Practical .NET

Getting to the File You Want in Visual Studio's Editor Window

Peter gets an improved tip from one reader and some more tips from another, all designed to navigate Visual Studio faster.

In an earlier tip I described how, no matter where your cursor was, by repeatedly hitting the Escape key you would eventually move your cursor back to the editor window (with a few exceptions). I also noted that, once your cursor was back in the editor window, you could use Ctrl+F6 to cycle through all the open tabs.

In a comment to that column, a reader pointed out that Ctrl+Tab gives you the best of both worlds because Ctrl+Tab brings up a list of all the currently open files. Once that list is up, you can use the arrow keys to move to whatever window or open file you want to…as long as you keep your finger on the Control key. If, on the other hand, you just take your finger off the Control key, your cursor moves to the editor window.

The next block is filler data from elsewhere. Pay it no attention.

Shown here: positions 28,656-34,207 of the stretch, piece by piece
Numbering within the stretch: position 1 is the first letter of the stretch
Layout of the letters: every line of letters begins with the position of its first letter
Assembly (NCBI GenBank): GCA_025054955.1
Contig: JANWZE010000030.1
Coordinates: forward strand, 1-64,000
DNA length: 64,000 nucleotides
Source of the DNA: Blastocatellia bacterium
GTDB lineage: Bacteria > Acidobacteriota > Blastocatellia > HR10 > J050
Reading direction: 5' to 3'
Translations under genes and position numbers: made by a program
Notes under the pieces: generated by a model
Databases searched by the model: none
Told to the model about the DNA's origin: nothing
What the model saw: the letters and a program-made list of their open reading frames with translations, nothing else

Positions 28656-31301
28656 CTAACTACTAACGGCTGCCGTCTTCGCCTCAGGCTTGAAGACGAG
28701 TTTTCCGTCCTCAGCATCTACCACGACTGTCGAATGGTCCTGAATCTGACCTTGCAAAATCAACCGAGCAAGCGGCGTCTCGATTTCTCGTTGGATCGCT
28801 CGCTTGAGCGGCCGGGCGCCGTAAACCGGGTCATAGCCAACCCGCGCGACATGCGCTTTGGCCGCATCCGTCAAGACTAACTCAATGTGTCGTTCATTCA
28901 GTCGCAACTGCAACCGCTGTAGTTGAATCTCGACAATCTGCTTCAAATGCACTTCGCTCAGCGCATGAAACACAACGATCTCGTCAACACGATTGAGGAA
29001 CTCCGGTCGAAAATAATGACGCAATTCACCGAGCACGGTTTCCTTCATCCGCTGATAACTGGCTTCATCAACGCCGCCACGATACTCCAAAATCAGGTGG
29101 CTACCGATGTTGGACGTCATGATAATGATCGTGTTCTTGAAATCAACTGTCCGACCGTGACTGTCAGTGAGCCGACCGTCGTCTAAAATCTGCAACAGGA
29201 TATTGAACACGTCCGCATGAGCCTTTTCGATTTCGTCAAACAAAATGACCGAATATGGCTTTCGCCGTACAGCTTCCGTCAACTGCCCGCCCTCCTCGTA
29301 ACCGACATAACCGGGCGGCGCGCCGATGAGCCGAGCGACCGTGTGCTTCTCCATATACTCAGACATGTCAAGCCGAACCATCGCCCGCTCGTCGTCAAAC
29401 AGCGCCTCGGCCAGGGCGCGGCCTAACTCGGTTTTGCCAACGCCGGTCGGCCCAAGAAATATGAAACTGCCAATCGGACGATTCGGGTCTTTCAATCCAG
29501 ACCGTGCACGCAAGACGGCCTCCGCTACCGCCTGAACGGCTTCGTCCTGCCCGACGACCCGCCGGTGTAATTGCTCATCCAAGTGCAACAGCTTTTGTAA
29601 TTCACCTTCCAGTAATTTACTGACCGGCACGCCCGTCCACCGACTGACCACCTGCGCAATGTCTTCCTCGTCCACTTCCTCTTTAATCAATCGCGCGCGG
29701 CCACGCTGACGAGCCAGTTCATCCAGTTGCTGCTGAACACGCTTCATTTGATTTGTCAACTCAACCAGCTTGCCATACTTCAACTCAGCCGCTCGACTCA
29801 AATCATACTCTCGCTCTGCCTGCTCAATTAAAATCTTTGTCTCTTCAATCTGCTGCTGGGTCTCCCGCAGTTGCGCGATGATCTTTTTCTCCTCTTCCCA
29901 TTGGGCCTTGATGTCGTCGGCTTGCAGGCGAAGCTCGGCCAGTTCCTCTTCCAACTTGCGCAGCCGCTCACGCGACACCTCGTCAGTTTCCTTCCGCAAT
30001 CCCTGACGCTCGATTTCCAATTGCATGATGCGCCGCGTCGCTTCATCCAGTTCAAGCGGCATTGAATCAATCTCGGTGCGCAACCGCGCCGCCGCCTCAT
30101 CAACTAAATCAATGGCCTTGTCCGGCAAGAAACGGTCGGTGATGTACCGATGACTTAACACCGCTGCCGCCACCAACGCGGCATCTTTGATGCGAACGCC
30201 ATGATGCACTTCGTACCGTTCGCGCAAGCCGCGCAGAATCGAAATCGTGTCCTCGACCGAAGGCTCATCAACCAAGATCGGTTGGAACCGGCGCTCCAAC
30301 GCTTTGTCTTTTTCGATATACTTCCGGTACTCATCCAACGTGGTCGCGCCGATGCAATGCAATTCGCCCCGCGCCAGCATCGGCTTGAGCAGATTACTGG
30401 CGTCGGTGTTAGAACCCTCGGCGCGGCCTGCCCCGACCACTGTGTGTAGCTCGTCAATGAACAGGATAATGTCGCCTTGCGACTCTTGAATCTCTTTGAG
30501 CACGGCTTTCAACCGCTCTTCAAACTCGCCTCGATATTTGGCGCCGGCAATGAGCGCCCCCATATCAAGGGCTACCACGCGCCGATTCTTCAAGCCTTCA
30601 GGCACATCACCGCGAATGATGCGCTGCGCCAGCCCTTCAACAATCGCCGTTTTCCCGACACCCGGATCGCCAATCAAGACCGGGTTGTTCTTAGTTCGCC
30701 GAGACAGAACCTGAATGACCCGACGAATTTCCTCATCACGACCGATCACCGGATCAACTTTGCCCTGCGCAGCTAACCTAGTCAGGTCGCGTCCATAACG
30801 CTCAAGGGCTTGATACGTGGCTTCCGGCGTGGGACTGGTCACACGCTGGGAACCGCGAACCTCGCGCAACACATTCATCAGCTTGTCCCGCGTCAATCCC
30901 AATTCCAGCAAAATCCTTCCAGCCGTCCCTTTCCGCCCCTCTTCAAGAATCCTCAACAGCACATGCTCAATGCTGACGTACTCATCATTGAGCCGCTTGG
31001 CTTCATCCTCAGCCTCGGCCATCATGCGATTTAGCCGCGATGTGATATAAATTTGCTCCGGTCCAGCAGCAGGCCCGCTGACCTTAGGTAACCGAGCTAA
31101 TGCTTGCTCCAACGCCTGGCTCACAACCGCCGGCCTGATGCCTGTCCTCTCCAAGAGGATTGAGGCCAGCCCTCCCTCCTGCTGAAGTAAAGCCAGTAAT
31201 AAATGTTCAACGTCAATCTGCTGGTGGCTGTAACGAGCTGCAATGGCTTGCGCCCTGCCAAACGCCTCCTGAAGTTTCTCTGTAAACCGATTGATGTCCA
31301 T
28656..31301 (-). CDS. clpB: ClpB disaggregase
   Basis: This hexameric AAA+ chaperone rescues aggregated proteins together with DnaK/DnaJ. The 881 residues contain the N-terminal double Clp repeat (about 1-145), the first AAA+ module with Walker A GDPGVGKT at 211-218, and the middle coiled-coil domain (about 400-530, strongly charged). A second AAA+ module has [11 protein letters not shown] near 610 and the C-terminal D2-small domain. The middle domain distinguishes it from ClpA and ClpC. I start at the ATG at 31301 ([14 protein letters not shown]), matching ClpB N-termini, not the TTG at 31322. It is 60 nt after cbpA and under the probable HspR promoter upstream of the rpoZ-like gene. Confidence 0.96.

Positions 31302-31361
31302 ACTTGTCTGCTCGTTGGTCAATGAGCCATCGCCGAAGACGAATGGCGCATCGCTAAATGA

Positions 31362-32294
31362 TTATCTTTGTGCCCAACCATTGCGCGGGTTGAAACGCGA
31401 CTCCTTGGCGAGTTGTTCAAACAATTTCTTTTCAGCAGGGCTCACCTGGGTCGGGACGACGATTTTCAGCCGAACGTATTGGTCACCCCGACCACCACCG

I think that's probably a much better tip than mine. It's one I'll start using, at any rate.

Another reader listed off some additional key combinations for moving to specific windows that are too useful to omit (and none of which I knew about):

  • Ctrl + [ + S: Switch to the Solution Explorer and select the currently active file (you don't have to hold down the [ key while hitting the S key)
  • Ctrl + \ + E: Show the Error List (again, you don't have to hold down the \ key while hitting the E key)
  • Ctrl+Shift+B: Build solution
  • Ctrl+Shift+A: Add a new file

The Control key gets you where you want to be.

About the Author

Peter Vogel is a system architect and principal in PH&V Information Services. PH&V provides full-stack consulting from UX design through object modeling to database design. Peter tweets about his VSM columns with the hashtag #vogelarticles. His blog posts on user experience design can be found at

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